You’re given the option of locking in a few of these desires and turning them into objectives to complete as you guide your Sim through everyday life. Often enough you’ll complete an objective quite transparently while talking to a computer controlled Sim, or visiting one of the town’s establishments.

There are plenty of objectives to ensure you’re not repeating yourself or predicting the next task, and they don’t so much dominate the gameplay as enrich it. You’re still required to play the typical round of Sims, getting a job, earning some cash, buying new goods and extending the house, but it’s now a more exploratory process.

Rather than being confined to the house, you’ve got a modest neighbourhood to trek. If you want to make minestrone soup, for example, you’ll need to visit the Corsican bistro to buy the recipe, then stop by the market to buy the ingredients (and buy yourself a bit of a cooker, too).

Heading off into the town does incur a small loading time, as the view switches from eye level to a zoomed out perspective, which presents the neighbourhood in a far more accessible bird’s eye view. From here you can choose where you want to visit with a simple touch, which offers up context sensitive menus where required, or sets your Sim off walking to that point.

The same control method is employed when up close, making interaction with items and other Sims a complete doddle. Touch where you want them to walk, and off they go. Touch a lamp, and you can turn it on or off. Touch a Sim, and the menu offers a well structured system for interacting in every way possible.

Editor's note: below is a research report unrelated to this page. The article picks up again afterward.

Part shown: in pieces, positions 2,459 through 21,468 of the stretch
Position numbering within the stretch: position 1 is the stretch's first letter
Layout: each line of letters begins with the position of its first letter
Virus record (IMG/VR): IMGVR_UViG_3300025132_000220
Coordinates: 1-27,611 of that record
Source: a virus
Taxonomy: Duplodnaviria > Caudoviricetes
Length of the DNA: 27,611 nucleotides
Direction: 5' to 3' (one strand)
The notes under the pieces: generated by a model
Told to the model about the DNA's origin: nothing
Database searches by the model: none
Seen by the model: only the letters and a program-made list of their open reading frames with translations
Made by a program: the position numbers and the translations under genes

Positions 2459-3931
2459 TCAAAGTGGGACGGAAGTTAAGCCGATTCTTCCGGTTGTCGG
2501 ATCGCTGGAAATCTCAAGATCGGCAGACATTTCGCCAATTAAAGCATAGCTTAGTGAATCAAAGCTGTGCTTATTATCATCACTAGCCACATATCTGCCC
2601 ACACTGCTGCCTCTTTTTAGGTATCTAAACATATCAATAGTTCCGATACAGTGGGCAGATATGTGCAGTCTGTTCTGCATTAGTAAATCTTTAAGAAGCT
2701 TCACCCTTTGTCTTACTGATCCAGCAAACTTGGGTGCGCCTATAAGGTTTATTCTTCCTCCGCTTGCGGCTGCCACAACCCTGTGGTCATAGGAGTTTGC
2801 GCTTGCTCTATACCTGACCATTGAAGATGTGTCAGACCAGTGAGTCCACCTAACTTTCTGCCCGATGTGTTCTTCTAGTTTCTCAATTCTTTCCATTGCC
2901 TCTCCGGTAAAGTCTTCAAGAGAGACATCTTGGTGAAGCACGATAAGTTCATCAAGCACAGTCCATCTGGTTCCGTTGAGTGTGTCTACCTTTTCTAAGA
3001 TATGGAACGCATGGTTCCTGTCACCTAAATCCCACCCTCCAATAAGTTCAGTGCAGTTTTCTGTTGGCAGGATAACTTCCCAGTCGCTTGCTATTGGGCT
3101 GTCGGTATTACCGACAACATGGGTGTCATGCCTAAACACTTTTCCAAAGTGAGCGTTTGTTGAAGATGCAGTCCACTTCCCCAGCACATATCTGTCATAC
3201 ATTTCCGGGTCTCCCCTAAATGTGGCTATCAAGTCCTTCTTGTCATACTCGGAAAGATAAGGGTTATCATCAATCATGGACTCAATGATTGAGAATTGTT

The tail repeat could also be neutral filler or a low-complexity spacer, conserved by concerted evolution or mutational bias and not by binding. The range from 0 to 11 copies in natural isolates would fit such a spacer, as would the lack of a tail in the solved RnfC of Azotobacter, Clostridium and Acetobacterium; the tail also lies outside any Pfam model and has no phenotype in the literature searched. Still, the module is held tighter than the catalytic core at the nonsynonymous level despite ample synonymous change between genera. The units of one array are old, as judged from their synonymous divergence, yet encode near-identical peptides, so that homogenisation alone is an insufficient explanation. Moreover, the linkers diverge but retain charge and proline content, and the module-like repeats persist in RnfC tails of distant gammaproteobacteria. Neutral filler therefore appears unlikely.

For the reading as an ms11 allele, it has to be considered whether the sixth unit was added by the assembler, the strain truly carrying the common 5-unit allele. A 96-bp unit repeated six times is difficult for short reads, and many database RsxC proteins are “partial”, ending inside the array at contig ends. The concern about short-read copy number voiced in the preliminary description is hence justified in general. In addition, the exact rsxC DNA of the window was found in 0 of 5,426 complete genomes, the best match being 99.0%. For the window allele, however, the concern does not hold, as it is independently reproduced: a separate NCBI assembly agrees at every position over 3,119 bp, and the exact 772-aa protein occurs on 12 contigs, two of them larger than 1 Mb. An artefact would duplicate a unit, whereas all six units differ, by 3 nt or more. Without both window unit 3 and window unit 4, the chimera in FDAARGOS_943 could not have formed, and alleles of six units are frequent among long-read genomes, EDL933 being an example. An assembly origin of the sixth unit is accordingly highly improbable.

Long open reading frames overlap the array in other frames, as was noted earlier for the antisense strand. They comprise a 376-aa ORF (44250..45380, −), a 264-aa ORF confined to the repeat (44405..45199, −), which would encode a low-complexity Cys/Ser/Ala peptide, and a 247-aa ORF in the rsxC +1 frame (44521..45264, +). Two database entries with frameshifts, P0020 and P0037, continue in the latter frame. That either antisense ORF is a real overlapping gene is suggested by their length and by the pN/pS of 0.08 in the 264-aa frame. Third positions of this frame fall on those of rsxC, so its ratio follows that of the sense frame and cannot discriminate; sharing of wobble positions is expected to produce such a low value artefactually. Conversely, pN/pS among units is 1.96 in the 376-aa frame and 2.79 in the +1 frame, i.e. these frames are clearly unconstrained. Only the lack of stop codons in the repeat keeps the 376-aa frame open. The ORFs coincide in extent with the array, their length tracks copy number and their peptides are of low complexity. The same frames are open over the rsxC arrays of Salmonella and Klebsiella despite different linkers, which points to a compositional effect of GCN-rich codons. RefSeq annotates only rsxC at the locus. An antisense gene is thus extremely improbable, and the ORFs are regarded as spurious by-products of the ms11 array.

The zoom function feels a little odd, since it uses a slider rather than the pinch and pull mechanics we’ve become accustomed to: using two fingers on the display allows you to rotate and tilt the camera angle. Sliding a finger on the screen pans the camera, so you’ve got an immediate and accessible method of controlling the view and ensuring you can see every detail required.

Which is particularly welcome, since The Sims 3 is a beautiful looking game. Despite the superb detail and animation, the iPhone handles the game’s extensive use of 3D graphics with ease, and all the incomprehensible sound effects of the PC version are seamless at all times.

In the end, The Sims 3 is not a revolution in terms of its lifestyle simulator gameplay, and I’m very glad of that fact. This is an immaculate rendition of the PC game we’ve come to know and love, made without a single concession for being on a handheld platform.

EA is selling The Sims 3 on the strength of some nebulous, pretend personality system and the idea that it’s built in such a large sandbox you’ll never see the sides. But try to forget all that. It’s The Sims in your pocket, in full, with all the character building and virtual life you could want.

It’s as rich and inventive as ever, and needn’t be trivialised with talk of evolution, or transformation, or groundbreaking technical achievement. This is The Sims, and it’s on your iPhone.

The Sims 3

Not the revolution it’s claimed to be, but provides such an immaculate rendition of classic Sims gameplay it perform better than any sequel could ever hope to do
Spanner Spencer
Spanner Spencer
Yes. Spanner's his real name, and he's already heard that joke you just thought of. Although Spanner's not very good, he's quite fast, and that seems to be enough to keep him in a regular supply of free games and away from the depressing world of real work.